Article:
Prehistory of the Philippines

The earliest archeological evidence for man in the archipelago is the 67,000-year-old Callao Man of Cagayan and the Angono Petroglyphs in Rizal, both of whom appear to suggest the presence of human settlement prior to the arrival of the Negritos and Austronesian speaking people.

There are several opposing theories regarding the origins of ancient Filipinos. F. Landa Jocano theorizes that the ancestors of the Filipinos evolved locally. Wilhelm Solheim's Island Origin Theory postulates that the peopling of the archipelago transpired via trade networks originating in the Sundaland area around 48,000 to 5000 BC rather than by wide-scale migration. The Austronesian Expansion Theory states that Malayo-Polynesians coming from Taiwan began migrating to the Philippines around 4000 BC, displacing earlier arrivals.

The Negritos were early settlers, but their appearance in the Philippines has not been reliably dated. They were followed by speakers of the Malayo-Polynesian languages, a branch of the Austronesian languages, who began to arrive in successive waves beginning about 4000 BC, displacing the earlier arrivals Before the expansion out of Taiwan, recent archaeological, linguistic and genetic evidence has linked Austronesian speakers in Insular Southeast Asia to cultures such as the Hemudu and Dapenkeng in Neolithic China.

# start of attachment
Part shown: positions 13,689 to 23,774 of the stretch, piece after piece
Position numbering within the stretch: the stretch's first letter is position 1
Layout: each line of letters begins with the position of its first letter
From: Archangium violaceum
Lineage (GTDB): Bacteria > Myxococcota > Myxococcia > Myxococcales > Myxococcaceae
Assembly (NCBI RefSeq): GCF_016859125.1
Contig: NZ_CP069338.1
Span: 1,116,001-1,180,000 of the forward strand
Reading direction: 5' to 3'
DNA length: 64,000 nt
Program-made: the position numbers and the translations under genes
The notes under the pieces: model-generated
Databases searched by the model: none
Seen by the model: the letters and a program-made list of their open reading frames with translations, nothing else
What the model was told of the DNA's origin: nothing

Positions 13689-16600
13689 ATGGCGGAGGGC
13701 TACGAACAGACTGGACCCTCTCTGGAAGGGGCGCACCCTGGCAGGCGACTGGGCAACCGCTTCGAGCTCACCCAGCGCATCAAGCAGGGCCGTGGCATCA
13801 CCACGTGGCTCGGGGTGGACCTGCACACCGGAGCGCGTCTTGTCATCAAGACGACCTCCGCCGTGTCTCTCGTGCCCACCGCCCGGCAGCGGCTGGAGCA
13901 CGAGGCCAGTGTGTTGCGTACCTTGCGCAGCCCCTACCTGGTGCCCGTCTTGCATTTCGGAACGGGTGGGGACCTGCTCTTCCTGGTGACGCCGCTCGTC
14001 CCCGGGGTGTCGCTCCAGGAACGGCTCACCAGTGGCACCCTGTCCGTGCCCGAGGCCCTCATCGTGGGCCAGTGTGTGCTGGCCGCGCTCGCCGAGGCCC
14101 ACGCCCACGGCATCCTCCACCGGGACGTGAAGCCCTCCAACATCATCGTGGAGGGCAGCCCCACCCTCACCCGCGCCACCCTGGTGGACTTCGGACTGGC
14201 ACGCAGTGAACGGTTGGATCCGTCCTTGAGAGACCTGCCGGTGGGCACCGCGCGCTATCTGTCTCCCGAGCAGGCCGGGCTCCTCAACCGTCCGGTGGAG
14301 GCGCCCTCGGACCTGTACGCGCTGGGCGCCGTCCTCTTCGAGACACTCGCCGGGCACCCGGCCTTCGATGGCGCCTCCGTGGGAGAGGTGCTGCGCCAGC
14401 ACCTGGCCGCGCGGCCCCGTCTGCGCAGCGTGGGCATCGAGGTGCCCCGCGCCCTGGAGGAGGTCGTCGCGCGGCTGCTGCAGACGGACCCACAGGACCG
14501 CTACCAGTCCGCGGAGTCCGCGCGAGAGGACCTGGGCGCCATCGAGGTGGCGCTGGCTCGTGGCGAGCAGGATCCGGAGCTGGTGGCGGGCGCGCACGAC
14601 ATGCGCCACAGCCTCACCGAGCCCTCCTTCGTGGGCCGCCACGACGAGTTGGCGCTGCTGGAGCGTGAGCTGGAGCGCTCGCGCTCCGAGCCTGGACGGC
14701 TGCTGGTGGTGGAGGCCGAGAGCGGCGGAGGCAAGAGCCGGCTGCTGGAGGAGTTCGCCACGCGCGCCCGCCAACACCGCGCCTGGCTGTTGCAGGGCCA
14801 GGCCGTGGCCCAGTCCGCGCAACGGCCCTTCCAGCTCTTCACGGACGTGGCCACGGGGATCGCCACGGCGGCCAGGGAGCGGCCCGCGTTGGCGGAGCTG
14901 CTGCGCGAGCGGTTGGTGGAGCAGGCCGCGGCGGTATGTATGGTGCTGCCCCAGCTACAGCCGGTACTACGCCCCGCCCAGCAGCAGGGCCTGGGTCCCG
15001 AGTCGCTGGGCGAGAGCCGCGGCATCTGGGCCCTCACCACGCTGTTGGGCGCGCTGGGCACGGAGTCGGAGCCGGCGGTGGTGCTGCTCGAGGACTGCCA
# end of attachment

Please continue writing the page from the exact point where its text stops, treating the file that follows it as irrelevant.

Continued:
By 1000 BC the inhabitants of the Philippine archipelago had developed into four distinct kinds of peoples: tribal groups, such as the Aetas, Hanunoo, Ilongots and the Mangyan who depended on hunter-gathering and were concentrated in forests; warrior societies, such as the Isneg and Kalinga who practiced social ranking and ritualized warfare and roamed the plains; the petty plutocracy of the Ifugao Cordillera Highlanders, who occupied the mountain ranges of Luzon; and the harbor principalities of the estuarine civilizations that grew along rivers and seashores while participating in trans-island maritime trade.

Around 300–700 AD the seafaring peoples of the islands traveling in balangays began to trade with the Indianized kingdoms in the Malay Archipelago and the nearby East Asian principalities, adopting influences from both Buddhism and Hinduism